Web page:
En EspaŅol

Q. Who is Mr. Smarty Plants?

A: There are those who suspect Wildflower Center volunteers are the culpable and capable culprits. Yet, others think staff members play some, albeit small, role. You can torture us with your plant questions, but we will never reveal the Green Guru's secret identity.

Help us grow by giving to the Plant Database Fund or by becoming a member

Did you know you can access the Native Plant Information Network with your web-enabled smartphone?

Share

Ask Mr. Smarty Plants

Ask Mr. Smarty Plants is a free service provided by the staff and volunteers at the Lady Bird Johnson Wildflower Center.

Search Smarty Plants
    
 
See a list of all Smarty Plants questions
Can't find the answer in our existing FAQs, submit a question to Mr. Smarty Plants.
Need help with plant identification, visit the plant identification page.
 
rate this answer
Not Yet Rated

Tuesday - July 05, 2011

From: Austin, TX
Region: Southwest
Topic: Shrubs
Title: What fertilizer can make potted plants flower in Austin, TX?
Answered by: Jimmy Mills

QUESTION:

I have a Lantana and esmarelda planted in large pots. They froze last winter but have both come back strong except they do not bloom even though I have fertilized. Is there something special I need to feed them to get them to bloom in pots?

ANSWER:

In checking our Database, I find that there are four species of Lantana that grow in Texas. The name Esmeralda is used as a common name for various plants, and is also the genus name of a group of orchid plants. In short, Mr. Smarty Plants isn’t entirely sure which plants we are dealing with.

However, fertilization may be at the root of the problem, so lets talk about that.  First of all, plants that have frozen and are trying to grow back are under stress. Generally, we recommend that plants under stress shouldn’t be fertilized. In your case, the plants seem to have come back and are exhibiting good vegetative growth, but you want them to flower.

The most common elements that are found in fertilizers are nitrogen (N), phosphorus (P), and potassium (K), and fertilizers containing these three elements are termed complete fertilizers. Fertilizers differ in the relative amount of these elements that they contain, and this information is found on the label of the fertilizer container (bag, bottle, etc.) It is represented by three numbers, eg 1-1-1, or 5-10-5, or 3-1-2, which are the percentages of the elements; N, P, and K in that order. This link from The Great Big Greenhouse and Nursery can tell you a lot more about fertilizer.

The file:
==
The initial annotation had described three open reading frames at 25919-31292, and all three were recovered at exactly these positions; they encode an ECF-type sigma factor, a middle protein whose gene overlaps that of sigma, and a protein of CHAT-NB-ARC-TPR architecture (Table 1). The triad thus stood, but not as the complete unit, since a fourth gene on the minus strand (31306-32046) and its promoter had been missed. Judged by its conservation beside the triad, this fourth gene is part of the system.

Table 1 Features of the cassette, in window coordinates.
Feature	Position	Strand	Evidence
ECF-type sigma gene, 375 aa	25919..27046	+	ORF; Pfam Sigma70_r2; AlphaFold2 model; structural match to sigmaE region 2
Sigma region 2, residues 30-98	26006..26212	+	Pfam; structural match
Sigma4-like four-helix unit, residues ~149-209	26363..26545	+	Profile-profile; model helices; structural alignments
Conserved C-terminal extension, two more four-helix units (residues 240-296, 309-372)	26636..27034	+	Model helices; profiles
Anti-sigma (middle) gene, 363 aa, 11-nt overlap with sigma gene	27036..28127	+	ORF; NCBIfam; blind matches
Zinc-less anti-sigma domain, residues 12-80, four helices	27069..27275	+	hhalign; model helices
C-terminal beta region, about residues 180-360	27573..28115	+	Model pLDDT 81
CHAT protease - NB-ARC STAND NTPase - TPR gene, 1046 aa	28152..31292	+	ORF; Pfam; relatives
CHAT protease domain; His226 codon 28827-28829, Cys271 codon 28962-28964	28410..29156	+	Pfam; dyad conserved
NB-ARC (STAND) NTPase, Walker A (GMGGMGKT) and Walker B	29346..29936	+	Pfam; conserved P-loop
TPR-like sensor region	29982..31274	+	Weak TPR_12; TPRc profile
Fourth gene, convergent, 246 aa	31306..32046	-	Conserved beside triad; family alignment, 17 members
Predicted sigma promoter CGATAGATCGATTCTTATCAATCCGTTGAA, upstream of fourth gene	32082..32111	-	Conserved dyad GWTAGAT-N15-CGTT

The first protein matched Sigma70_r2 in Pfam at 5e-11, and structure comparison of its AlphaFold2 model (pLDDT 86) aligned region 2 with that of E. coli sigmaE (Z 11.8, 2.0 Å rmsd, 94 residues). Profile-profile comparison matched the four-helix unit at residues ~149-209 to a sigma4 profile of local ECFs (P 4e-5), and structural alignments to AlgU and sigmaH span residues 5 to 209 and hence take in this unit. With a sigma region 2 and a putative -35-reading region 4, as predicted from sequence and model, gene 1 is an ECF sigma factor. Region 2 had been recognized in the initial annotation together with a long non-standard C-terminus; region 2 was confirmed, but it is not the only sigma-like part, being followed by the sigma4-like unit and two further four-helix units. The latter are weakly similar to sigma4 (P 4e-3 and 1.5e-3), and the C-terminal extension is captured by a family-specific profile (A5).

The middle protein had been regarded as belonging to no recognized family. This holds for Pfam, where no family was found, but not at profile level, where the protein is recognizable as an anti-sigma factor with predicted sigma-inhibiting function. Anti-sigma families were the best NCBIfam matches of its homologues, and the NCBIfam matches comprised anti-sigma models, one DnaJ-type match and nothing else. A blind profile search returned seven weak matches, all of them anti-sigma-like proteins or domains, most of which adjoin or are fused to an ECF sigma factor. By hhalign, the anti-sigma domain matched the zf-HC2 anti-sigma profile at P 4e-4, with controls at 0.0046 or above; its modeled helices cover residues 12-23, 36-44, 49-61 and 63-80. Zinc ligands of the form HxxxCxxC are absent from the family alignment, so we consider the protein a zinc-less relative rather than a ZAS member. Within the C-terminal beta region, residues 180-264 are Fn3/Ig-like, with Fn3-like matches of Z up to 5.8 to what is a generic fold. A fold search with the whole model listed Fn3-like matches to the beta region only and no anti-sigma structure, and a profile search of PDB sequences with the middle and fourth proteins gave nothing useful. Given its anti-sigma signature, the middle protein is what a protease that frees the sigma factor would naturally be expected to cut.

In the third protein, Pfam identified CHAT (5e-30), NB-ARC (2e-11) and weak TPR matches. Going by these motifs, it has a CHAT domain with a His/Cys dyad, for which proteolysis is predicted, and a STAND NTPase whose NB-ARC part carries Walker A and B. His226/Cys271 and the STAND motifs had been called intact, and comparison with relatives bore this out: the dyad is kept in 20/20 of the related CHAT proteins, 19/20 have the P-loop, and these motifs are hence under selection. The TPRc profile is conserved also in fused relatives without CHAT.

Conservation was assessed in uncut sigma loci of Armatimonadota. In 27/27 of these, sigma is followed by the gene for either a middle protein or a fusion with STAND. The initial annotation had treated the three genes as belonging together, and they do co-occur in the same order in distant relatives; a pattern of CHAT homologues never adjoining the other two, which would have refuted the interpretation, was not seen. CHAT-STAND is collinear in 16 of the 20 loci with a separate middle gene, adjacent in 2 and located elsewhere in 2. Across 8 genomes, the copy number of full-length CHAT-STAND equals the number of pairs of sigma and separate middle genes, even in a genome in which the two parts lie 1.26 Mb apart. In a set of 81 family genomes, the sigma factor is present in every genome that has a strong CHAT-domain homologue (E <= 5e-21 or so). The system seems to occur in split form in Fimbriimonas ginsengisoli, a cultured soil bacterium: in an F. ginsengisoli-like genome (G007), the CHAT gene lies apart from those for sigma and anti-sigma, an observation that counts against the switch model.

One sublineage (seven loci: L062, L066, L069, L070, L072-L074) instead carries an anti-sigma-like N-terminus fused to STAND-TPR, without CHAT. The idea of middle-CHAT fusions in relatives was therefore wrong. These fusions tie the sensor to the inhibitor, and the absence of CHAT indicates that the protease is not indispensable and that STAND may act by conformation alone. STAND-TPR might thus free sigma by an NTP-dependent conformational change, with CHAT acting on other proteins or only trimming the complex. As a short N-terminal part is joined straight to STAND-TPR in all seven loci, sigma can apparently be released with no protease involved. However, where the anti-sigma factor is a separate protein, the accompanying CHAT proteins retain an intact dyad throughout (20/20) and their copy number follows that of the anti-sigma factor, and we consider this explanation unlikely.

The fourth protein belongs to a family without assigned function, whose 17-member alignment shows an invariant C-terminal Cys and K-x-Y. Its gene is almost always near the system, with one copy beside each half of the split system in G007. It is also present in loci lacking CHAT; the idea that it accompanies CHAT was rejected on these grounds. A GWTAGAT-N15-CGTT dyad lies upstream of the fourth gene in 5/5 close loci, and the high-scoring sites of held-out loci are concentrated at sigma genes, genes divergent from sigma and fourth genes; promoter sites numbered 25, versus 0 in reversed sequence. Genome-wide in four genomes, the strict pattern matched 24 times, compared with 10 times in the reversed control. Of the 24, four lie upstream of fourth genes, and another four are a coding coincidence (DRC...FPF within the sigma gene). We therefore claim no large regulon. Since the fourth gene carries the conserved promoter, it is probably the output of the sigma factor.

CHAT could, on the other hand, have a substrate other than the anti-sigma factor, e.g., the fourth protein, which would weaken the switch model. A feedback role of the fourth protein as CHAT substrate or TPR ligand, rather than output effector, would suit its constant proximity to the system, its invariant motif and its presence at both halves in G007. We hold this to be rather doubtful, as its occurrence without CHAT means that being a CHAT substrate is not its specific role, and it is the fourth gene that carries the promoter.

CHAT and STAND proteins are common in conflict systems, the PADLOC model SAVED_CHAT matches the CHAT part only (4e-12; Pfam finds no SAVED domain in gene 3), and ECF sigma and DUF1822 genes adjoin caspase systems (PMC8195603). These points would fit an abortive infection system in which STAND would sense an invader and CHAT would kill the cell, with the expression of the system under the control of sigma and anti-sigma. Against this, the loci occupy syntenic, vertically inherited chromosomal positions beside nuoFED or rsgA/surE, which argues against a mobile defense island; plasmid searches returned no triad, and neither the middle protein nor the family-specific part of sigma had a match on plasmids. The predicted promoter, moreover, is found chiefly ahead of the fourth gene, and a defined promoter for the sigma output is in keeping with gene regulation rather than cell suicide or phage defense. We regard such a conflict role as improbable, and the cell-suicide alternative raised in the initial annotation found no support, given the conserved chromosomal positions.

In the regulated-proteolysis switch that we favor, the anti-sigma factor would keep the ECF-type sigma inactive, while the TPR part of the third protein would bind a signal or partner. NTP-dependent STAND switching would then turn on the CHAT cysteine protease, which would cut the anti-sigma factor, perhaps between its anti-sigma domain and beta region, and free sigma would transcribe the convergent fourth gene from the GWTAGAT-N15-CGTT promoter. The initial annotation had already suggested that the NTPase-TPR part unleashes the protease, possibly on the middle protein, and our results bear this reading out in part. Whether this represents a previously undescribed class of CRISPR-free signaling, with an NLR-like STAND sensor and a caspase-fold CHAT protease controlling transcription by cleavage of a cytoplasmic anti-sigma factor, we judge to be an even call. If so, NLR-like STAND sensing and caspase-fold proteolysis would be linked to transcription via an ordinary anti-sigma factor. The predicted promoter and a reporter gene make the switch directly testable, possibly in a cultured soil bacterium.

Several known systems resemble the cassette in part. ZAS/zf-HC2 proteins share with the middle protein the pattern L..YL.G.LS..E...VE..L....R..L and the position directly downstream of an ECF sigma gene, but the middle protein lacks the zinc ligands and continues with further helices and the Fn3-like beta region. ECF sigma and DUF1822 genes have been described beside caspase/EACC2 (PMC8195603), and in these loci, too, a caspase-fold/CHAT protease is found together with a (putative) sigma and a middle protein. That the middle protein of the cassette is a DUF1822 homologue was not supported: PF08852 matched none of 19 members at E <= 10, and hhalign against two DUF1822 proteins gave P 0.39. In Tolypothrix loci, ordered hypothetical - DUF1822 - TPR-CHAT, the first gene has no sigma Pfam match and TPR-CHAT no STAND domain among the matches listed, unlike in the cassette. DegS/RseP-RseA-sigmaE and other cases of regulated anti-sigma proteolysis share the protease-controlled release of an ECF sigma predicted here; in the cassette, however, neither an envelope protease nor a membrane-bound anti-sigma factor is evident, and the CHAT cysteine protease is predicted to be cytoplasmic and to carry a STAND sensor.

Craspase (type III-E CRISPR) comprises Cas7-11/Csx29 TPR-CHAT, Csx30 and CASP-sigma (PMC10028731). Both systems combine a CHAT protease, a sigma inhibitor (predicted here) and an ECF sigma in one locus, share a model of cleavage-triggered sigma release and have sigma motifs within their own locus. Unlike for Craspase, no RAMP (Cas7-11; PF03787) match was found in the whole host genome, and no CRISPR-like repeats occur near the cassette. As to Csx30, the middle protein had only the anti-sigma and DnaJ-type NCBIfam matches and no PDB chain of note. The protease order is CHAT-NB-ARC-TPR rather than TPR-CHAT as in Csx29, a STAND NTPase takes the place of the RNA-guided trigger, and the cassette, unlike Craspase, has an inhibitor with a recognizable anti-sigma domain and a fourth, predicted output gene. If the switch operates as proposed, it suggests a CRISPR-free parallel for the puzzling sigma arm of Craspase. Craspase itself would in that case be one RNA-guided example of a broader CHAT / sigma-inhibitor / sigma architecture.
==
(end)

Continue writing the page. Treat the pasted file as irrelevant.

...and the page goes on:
You didn’t mention what kind of fertilizer you used, ie the ratio of N:P:K. In some plants, flowering is inhibited if the ratio of  N/P is too high. If you used a regular lawn fertilizer, the N/P ratio in your pots may be high enough to prevent flowering. This link to Central Texas Gardening has some good tips about proper use of fertilizers.

 

More Shrubs Questions

Need a shade tree for an enclosed courtyard in Las Cruces, NM
September 24, 2012 - I HAVE A WEST FACING COURTYARD ENCLOSED WITH A 6' STUCCO WALL AND I WANT TO ADD A SHADE TREE. CURRENTLY HAVE SEVERAL MESQUITE TREES, DESERT WILLOW, CHINESE PISTACHE & VITEX TREES IN THE FRONT AREA ...
view the full question and answer

Evergreen shrubs native to North Georgia
March 26, 2007 - I am looking for native plants (shrubs) that will stay green during the winter in North Georgia. We are completing a xeriscape landscape plan as a demonstration site and have many native plants donate...
view the full question and answer

Mountain Laurel having trouble in AZ
June 07, 2011 - A Sophora secundflora (Texas mountain laurel) was planted to an Arizona north faced front yard last year in August under full sun. Starting early this year, I noticed its leaves turn to light green an...
view the full question and answer

Pruning practices from Austin
May 16, 2013 - I need to do some pruning in my front beds and I know nothing about plants. From what I have been able to identify I have bicolor irises, plumbago, Japanese Aralia. I don't even know where to begin o...
view the full question and answer

Growing Evergreen sumac in clay soil of Texas
August 19, 2011 - I'm in need of a fast growing evergreen screening shrub/small tree. I'm considering the Evergreen Sumac but before I go further I need to know if this plant will thrive and remain evergreen in the D...
view the full question and answer

Smarty Plants's Facebook profile Support the Wildflower Center by Donating Online or Becoming a Member today.

Mr. Smarty Plants wants you to be his Facebook friend. Click the Facebook icon to add yourself to Mr. Smarty Plants list of friends.
E-NEWSLETTER | BECOME A MEMBER | DONATE NOW | MEDIA | SITEMAP | STAFF
© 2015 Lady Bird Johnson Wildflower Center